February 24, 2015
I teach soap classes (beginner, intermediate, advance, CP, MP, Milk Soap…just about everything). I’ve been teaching now through local community ed programs and doing private lessons for over two years. I used to teach a bath and body class where I taught the students how to make a scrub, balm, and body spray. I was never really happy with the class. I wanted it to be so much more. I eventually stopped offering it.
Recently I started doing research for my own new line of scrubs. I wanted to go beyond the basics. I was compiling all this information for myself and I thought I should create a whole new set of handouts on bath products and teach a class again. After two years my knowledge has grown significantly. I’ve introduced a wide range of bath products to my line over this time and I’ve experimented constantly on tweaking recipes and trying out new ones to even creating my own products.
I started to create the handouts and they very quickly morphed into this massive project. I didn’t just want to give students a handful of recipes. I wanted to teach them how to formulate their own products! Of course to do this you have not only understand what the product does and why we make it, but the ingredients that make up those products. And by understanding the ingredients you use, their properties, why they’re good for you, why you’d use some over others, they’d be equipped to make anything they wanted.
To teach that though is much more of an undertaking than to give students a handful of recipes and say ok here now you can make some new products. Sure, they could, but they weren’t really going to learn anything that would help them tweak and alter and eventually create their own products.
Almost 80 hours later I’ve finished a first draft of my (25+ page) handouts. That’s just part 1. There is a part 2. There is also a detailed step by step instruction section I want to complete. I’m a long ways from done, but I’m starting to see a light at the end of the tunnel. My 20 pages of notes are now coherent organized ramblings! And it’s super exciting to see it taking shape. I can’t wait to teach and offer this class in the future. I’ve found a joy in making these products through understanding what I was doing and not just following someone else’s recipe and I hope I can pass that on to others.
January 29, 2015
I have to remark on a few things…I can’t help myself. There are some big cultural differences between Europe and America. They always amaze me, even though I spent ten years living in Europe! I wanted to share my little list of insights from my 2014 trip.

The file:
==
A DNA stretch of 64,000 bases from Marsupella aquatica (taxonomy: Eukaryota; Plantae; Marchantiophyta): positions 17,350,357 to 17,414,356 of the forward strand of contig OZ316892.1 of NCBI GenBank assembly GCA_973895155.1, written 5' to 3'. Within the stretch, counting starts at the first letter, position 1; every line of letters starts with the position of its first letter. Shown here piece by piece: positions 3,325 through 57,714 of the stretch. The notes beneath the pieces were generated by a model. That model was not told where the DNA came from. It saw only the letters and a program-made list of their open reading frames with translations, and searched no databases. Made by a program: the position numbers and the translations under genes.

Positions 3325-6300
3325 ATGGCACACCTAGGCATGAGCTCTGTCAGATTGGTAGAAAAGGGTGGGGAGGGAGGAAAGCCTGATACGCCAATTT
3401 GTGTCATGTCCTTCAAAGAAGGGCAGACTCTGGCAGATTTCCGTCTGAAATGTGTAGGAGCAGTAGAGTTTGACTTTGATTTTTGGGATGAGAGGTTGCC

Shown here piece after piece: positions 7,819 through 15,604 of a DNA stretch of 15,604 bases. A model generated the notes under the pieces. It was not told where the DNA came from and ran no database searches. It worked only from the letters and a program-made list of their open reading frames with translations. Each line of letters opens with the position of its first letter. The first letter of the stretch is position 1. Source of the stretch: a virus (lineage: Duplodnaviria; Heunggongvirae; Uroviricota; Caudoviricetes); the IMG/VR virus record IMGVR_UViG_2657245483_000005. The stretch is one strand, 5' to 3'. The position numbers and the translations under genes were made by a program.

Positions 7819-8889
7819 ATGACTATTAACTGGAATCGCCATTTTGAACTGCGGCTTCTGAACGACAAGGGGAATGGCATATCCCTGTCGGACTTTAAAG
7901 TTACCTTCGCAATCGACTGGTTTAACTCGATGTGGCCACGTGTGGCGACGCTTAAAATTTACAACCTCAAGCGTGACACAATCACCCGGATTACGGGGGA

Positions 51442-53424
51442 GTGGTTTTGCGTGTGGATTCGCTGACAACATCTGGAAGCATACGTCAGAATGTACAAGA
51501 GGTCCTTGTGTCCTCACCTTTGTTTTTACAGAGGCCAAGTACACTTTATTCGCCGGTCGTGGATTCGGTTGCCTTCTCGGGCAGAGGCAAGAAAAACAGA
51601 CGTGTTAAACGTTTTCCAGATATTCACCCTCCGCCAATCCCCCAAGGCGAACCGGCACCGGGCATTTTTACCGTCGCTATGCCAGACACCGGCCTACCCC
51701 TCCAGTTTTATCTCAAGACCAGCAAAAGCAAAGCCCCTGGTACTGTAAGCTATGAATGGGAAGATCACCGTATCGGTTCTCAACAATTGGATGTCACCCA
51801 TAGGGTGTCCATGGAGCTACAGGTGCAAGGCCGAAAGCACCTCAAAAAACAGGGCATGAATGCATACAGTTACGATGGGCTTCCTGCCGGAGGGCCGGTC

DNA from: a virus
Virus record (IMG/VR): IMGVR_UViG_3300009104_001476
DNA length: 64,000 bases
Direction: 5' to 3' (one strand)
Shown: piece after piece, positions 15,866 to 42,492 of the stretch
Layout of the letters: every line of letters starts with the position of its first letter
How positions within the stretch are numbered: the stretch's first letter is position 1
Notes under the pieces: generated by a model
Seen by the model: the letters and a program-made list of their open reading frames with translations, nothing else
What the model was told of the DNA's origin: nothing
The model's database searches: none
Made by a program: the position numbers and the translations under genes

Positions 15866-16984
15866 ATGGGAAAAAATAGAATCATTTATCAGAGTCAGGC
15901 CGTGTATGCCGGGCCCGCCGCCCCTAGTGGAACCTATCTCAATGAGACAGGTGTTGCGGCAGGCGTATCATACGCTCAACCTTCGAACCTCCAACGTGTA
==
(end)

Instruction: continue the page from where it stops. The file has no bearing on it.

- Europe doesn’t do ICE water. I’m an ice water girl. Give me cold water with ice! Europe just doesn’t do ice.
- Asking for tap water with your meal is not common. And if you ask for water (it’s bottled water you pay for) you have to make sure you specify between STILL and SPARKLING or you’ll most likely get sparkling water.
- I drank more soda on this trip than I’ve probably drank in the past three years. (Nope I’m not a soda person). That said it was always Fanta I was drinking. REAL Fanta! *content sigh*
- Exit doors swing in and not out like in the US. As a former architect this still baffles me. It’s law (code) that exit doors must swing out (to allow traffic to flow out in case of an emergency). I can’t tell you how many time I walked into doors because I pushed expecting them to open but I had to pull!
- Go ahead and try to find a house with double hung windows in Europe! They don’t do double hung. Oh course they wouldn’t fit in with their architecture, so it makes sense, but these are little things I notice.
- They don’t have vanity license plates.
- If you order french fries you get the option of ketchup or mayonnaise. Just the thought of mayonnaise on french fries grosses me out, but they love it!
It’s fascinating to look at other cultures and see the differences and similarities.
January 28, 2015
I have to say I was one lucky girl this past Christmas. My parents brought my sister and I to Germany. We lived there for seven years (at different times) when I was growing up. (We also lived in France for three years). The upside of being an Army Brat. I’m also half German and just love Germany. It was an amazing trip (despite the hiccup at the beginning of our trip…missed a connecting flight in Iceland and got to spend a day there.)
I thought I’d share with you some of the photos from my trip.